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Guns galore - Montague acknowledges 'challenges' as US firearms continue flowing into island

Published:Sunday | June 5, 2016 | 12:00 AMLivern Barrett
In this file photo these guns, including a sniper rifle and three pistols, as well as 128 assorted rounds of ammunition, were recovered during an operation by law-enforcement officers.

A steady stream of guns continues to flow from the United States into Jamaica despite a raft of measures implemented by local law-enforcement authorities.

In the last two years, the US Bureau of Alcohol, Tobacco, Firearms and Explosives (ATF) has traced the history of 991 guns seized in Jamaica over the period and found that 567, or nearly 60 per cent, were "sourced in the US".

The term "sourced in the US" refers to guns manufactured in or legally imported into the US.

According to the ATF, 414 guns

were tracked to non-American manufacturers, while the origins of 14 firearms could not be determined.

Just over 2,200 persons were reported killed in Jamaica over the last two years and police statistics show that nearly 70 per cent of those killings involved the use of a firearm.

National Security Minister Robert Montague acknowledged that Jamaica has "diffi-culties and challenges" at established ports of entry and indicated that he was not satisfied with what is being done by local law-enforcement authorities to stem the flow of guns into the island.

"I'm satisfied, based on the level of resources, with what they have done, but, in terms of a national priority, no, because more can be done," said Montague.

"Can you imagine what is happening at the non-established ports of entry?" he questioned during an interview with The Gleaner.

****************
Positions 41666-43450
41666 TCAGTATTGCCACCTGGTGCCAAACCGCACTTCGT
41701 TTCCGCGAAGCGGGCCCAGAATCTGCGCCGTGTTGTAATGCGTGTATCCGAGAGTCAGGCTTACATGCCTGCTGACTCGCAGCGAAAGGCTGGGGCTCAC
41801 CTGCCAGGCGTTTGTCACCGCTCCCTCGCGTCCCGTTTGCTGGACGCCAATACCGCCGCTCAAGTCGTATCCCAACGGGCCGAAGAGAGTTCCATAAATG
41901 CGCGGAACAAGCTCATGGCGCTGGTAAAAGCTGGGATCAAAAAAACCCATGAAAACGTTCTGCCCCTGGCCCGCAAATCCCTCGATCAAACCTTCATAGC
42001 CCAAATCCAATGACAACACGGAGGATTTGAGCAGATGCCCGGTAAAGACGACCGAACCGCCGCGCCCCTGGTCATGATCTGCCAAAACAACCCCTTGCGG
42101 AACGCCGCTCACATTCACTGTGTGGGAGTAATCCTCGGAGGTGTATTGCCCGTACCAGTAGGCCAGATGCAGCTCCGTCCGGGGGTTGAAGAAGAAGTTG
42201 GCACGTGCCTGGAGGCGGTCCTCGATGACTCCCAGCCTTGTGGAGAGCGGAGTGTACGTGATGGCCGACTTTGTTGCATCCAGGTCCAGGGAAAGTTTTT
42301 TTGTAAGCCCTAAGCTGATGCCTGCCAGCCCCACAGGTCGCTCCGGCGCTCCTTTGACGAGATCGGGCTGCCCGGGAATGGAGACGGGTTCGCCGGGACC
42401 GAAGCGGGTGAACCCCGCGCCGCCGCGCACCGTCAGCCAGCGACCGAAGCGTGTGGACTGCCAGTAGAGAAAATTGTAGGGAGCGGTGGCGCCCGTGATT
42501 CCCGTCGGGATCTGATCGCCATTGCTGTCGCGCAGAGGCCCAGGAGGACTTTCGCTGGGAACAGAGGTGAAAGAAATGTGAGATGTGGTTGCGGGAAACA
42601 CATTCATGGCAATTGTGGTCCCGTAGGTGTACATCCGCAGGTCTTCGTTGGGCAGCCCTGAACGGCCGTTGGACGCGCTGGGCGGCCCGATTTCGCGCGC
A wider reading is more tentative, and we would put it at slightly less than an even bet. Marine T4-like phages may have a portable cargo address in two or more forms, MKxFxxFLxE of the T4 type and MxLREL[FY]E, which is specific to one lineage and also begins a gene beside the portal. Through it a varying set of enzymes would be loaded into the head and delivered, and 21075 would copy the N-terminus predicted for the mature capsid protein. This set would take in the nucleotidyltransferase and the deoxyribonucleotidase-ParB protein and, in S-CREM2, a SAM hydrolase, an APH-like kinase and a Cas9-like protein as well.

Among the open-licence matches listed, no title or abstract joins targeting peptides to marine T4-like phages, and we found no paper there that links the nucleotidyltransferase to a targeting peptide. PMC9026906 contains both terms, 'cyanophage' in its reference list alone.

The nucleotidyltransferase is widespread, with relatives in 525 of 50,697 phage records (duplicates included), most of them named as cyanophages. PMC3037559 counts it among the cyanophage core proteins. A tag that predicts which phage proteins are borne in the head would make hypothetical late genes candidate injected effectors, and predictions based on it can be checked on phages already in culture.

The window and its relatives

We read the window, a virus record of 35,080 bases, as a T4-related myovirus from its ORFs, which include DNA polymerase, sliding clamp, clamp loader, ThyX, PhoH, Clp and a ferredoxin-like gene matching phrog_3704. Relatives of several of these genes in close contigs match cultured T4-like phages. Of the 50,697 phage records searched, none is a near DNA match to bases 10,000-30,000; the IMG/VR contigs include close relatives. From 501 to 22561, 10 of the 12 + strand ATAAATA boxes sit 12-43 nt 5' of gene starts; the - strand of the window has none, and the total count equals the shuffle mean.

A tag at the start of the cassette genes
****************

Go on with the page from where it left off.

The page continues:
Montague revealed that since taking off in March, he requested an audit of the nation's border control apparatus, which exposed "a number of challenges".

"The challenges that are there will allow a number of things to leave the country ... and maybe equally to come in," he said.

However, the national security minister said a number of interim measures have since been put in place to make him "comfortable".

The 991 guns sent to the ATF comprised 485 seized last year and 506 that were recovered the previous year.

Of the 567 guns 'sourced in the US', the ATF revealed, in separate reports for 2014 and last year, that 428 were manufactured there. The remaining 139 were legally imported.

The ATF reports - copies of which were obtained by The Gleaner - show that 209 guns recovered in Jamaica over the two-year period were traced to retail purchasers in the US, while 126 were "traced to a foreign country".

"The term 'traced to a foreign country' refers to those firearms that were determined by ATF to be transferred from a US federal firearms licensee to a foreign government, law enforcement, dealer or entity," the agency explained.

ATF said it was unable to determine the purchasers of 232 guns.

Major Richard Reese, chief executive officer of the Jamaica Customs Agency (JCA), said the vast majority of firearms are smuggled into the island by fishermen, either as part of the guns-for-drugs or guns-for-food trade.

"Based on the information available to me, the majority of illegally imported firearms come in through informal cays and inlets around the island.

"These trends have expanded not only to Haiti, but as far as Venezuela, where these guns are ferried from country to country," he said.

"Any country that is an island and has several points of entry, the cost of surveillance is very expensive," the JCA boss explained.

He said his agency, working with local and international partners, has put a number of measures in place to shore up the nation's borders.

"Without those interventions, it could have been far more [firearms coming in]," Reese added.

While noting the existence of lax gun laws in some US states, Jamaica's Deputy Police Commissioner Glenmore Hinds said he was satisfied that American law-enforcement authorities are doing all they can on their side of the border to stem gun shipments into Jamaica.

The problem, he said, is that in order to remain relevant to their criminal gangs, Jamaicans living in the US continue to send back guns to their cronies by exploiting local freight-forwarding companies.

"Certainly, Americans are not - in the main - sending guns to Jamaica. It's really Jamaicans living in America," he asserted.

Hinds, however, made it clear that there is no evidence that local freight-forwarding companies are complicit in gun smuggling.